Dawn on the Otago Peninsula. We awoke to the clarion call of a cockerel, heralding the blessing of a golden Autumn day. Jonathan Livingston Seagull shared wisdom in the sky. White feathered kotuku-ngutupapa or Royal Spoonbills, swept the low tide line of the harbour for breakfast. In the court of heaven on earth, four Royal Albatross or toroa, glided through the air, with what Herman Melville in Moby Dick, described as vast archangel wings.
William Wales, a tutor to the English poet, Samuel Taylor Coleridge and the astronomer on HMS Resolution, voyaged with Captain James Cook to the land of ice, the southernmost continent we now call, Antarctica. Inspired by hearing stories of the sea and a fabled land, Coleridge wrote The Rime of the Ancient Mariner, an epic tale about an albatross and the sailor who kills it with a crossbow.
The poem is replete with imagery, allegory, superstition, and allusion. The punishment for what the sailor has done is to wear the dead bird around his neck and the rest of his life becomes one of penance as he wanders the earth, telling his salutary tale. He learns wisdom along the way, that God's creation is a beautiful gift, to be cherished.
On Palm Sunday, we attended Choral Eucharist in St. Paul's Cathedral, Dunedin and sang, Ride on! Ride on in majesty! Sacrificial theology excepting, one line stood out for me,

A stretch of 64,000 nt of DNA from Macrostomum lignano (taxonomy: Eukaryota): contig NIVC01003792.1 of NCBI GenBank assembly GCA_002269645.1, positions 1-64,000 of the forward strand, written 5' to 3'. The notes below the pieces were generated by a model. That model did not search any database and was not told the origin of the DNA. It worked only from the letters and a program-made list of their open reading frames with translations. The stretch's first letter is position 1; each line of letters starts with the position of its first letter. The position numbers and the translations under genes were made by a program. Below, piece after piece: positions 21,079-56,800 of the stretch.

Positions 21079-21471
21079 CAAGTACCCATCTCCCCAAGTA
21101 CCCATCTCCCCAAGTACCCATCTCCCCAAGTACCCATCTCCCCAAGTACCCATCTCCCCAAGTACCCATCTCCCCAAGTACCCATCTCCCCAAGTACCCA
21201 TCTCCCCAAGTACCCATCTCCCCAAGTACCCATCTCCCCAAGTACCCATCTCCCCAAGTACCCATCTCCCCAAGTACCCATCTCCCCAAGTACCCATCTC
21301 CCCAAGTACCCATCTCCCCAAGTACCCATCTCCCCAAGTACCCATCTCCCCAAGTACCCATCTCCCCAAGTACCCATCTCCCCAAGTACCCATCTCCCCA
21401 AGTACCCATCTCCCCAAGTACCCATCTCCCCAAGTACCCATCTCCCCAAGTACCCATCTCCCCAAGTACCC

Ride on! Ride on in majesty!
The wingèd squadrons of the sky look down with sad and wondering eyes to see the approaching sacrifice.
I imagined that an albatross with vast archangel wings might be amongst the sorrowing company of heaven.
In the mystery of this week we call Holy, with its darkening shadows of pain and fear, abandonment, uncertainty, betrayal, and death, might we somehow contemplate in the stories, something of the novelist, Jeanette Winterson's words, the nearness of the wound to the gift?[i]
- Mary gently caressing the feet of Jesus with her long hair and extravagantly scented perfume, preparing him for what lies ahead.
- Jesus, with intimacy, humility, and oneness, washing the dust from the feet of his disciples.
- The mystery of the memory and substance of Jesus’ presence, as he and his friends share food and wine.
- John, the disciple, whom Jesus especially loved, placing his head on Jesus’ breast in closeness, affection and love, hearing the heartbeat of God.
- Veronica, tenderly wiping the blood and sweat from Jesus' face with her veil, his likeness forever imprinted on her heart.
- Simon of Cyrene, forced to carry the cross through the narrow streets of Jerusalem when Jesus could no longer bear the weight of it. His life changed forever.
- Jesus' mother Mary, the other faithful women, and John, accompanying Jesus every step of the way, hearing his loving words of familial care and loyalty.
- In his dying moments, self-giving love and grace shared with a thief, crucified beside him.
Then the night of deepest loneliness. A total absence of his spirit and his life.
At dawn, wounds become places where the light enters us. Grace takes us to the cherishing of life and the nurturing of love. The images and the echo of words we thought we had lost or left behind create a sanctuary of memory in our hearts.
His eyes sparkle again. He tells stories by the sea. He blesses us with Love.
©Hilary Oxford Smith
Image Around the Shag Rocks, Light-mantled Sooty Albatrosses, Keith Shackleton, 1979. Nature in Art, Gloucester, UK.
[i] Why Be Happy When You Could Be Normal?, Jeannette Winterson, 230pp, Grove Press.